Howel–Evans syndrome

From Wikipedia, the free encyclopedia
  (Redirected from Howell Evans syndrome)
Jump to navigation Jump to search
Tylosis with esophageal cancer
SpecialtyMedical genetics Edit this on Wikidata

Howel–Evans syndrome is an extremely rare condition involving thickening of the skin in the palms of the hands and the soles of the feet (hyperkeratosis). This familial disease is associated with a high lifetime risk of esophageal cancer. For this reason, it is sometimes known as tylosis with oesophageal cancer (TOC).[1]

The condition is inherited in an autosomal dominant manner, and it has been linked to a mutation in the RHBDF2 gene. It was first described in 1958.[2]


This condition is inherited as an autosomal dominant syndrome and characterized by palmoplantar keratoderma, oral precursor lesions particularly on the gums (leukoplakia) and a high lifetime risk of esophageal cancer (95% develop esophageal cancer by the age of 65).[3] Relapsing cutaneous horns of the lips has been reported in this condition.[4]

There are several types of this condition have been described – epidermolytic (Vörner type) and non-epidermolytic. Another classification divides these into an early onset type (type B) which occurs in the first year of life and is usually benign and a type A tylosis which occurs between the ages of 5 and 15 years and is strongly associated with esophageal cancer.[5]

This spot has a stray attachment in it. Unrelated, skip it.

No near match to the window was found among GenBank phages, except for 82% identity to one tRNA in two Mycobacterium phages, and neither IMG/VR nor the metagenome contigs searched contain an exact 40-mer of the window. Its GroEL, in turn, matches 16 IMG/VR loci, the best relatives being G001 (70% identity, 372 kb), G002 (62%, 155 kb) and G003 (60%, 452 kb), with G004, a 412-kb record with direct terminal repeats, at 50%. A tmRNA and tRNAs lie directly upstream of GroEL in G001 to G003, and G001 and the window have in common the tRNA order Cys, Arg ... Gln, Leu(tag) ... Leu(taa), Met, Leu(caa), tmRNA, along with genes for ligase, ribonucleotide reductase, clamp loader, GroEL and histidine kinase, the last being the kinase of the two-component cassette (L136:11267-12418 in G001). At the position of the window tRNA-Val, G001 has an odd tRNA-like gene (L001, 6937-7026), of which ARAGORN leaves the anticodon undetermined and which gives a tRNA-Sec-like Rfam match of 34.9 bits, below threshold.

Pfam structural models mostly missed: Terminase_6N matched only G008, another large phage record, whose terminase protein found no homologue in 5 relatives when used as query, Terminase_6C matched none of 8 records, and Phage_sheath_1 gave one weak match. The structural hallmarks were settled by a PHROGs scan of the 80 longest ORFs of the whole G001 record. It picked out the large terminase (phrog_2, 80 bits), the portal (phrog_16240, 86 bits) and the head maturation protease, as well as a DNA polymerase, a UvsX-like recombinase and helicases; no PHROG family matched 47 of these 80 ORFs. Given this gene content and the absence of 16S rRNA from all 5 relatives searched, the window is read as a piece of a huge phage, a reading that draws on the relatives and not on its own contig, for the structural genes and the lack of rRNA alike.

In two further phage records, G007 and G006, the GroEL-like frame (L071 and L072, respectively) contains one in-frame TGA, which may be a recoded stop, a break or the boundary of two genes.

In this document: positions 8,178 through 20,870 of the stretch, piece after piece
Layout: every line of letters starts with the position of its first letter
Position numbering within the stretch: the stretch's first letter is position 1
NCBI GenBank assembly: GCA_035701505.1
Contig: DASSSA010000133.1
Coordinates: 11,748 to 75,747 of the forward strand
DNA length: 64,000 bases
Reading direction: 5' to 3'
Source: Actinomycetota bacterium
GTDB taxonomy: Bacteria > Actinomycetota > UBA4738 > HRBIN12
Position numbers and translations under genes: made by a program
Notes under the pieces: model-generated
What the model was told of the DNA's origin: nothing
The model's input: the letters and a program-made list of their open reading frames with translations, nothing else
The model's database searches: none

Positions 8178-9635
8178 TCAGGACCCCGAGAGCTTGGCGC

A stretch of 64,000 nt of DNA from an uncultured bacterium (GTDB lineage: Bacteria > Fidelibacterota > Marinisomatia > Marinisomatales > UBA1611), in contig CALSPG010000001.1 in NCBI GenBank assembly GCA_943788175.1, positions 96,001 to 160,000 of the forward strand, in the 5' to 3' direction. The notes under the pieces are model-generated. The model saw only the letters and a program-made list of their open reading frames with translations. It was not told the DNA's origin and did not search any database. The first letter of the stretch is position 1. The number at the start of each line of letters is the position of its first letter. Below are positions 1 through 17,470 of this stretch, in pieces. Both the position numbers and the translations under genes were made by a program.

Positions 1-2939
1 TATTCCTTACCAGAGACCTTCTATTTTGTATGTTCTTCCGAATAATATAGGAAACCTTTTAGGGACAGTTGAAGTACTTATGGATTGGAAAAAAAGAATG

Cytoglobin gene expression in oesphageal biopsies is significantly reduced (70% reduction) in this condition.[6] The mechanism of this change is not known.


The gene responsible is RHBDF2 (Rhomboid family member 2), which is located on the long arm of chromosome 17 (at 17q25).[7] The mutation responsible for the disease was detected in Finnish, German, UK and US families. The RHBDF2 protein is a member of the intramembranous serine proteases. It is thought to play an important role in the epithelial response to injury in the esophagus and skin. RHBDF2 is involved in the regulation of the secretion of several ligands of the epidermal growth factor receptor.

Molecular biology[edit]

The rhomboid proteases – the first known intramembranous serine proteases[8] – were discovered in 1988.[9] The first rhomboid protease was cloned in 1990[10] Rhomboid proteases have a core of six transmembrane helices with the active site residues lying in a hydrophilic cavity. Rhomboid family members are widely conserved and found in all three kingdoms of life.[11]

RHBDF2 associates with the rhomboid like protease 2 (RHBDL2) and inhibits its activity.

Mutations in RHBDF2 inhibit tumour necrosis factor alpha.

RHBDL2 also acts on Epidermal growth factor and EphrinB3.

Thrombomodulin – a membrane glycoprotein – is upregulated in neoepidermis during cutaneous wound healing. RHBDL2 cleaves thrombomodulin at the transmembrane domain and causes the release of soluble thrombomodulin.

Other associations[edit]

RHBDF2 may also play a role in ovarian epithelial cancer.[12]

Possible associations with gastric cancer[13][14] and lung cancer[15][16][17][18] have been suggested. Other possible associations include corneal defects, congenital pulmonary stenosis,[19] total anomalous pulmonary venous connection[20] deafness[21] and optic atrophy.[22]

Related genes[edit]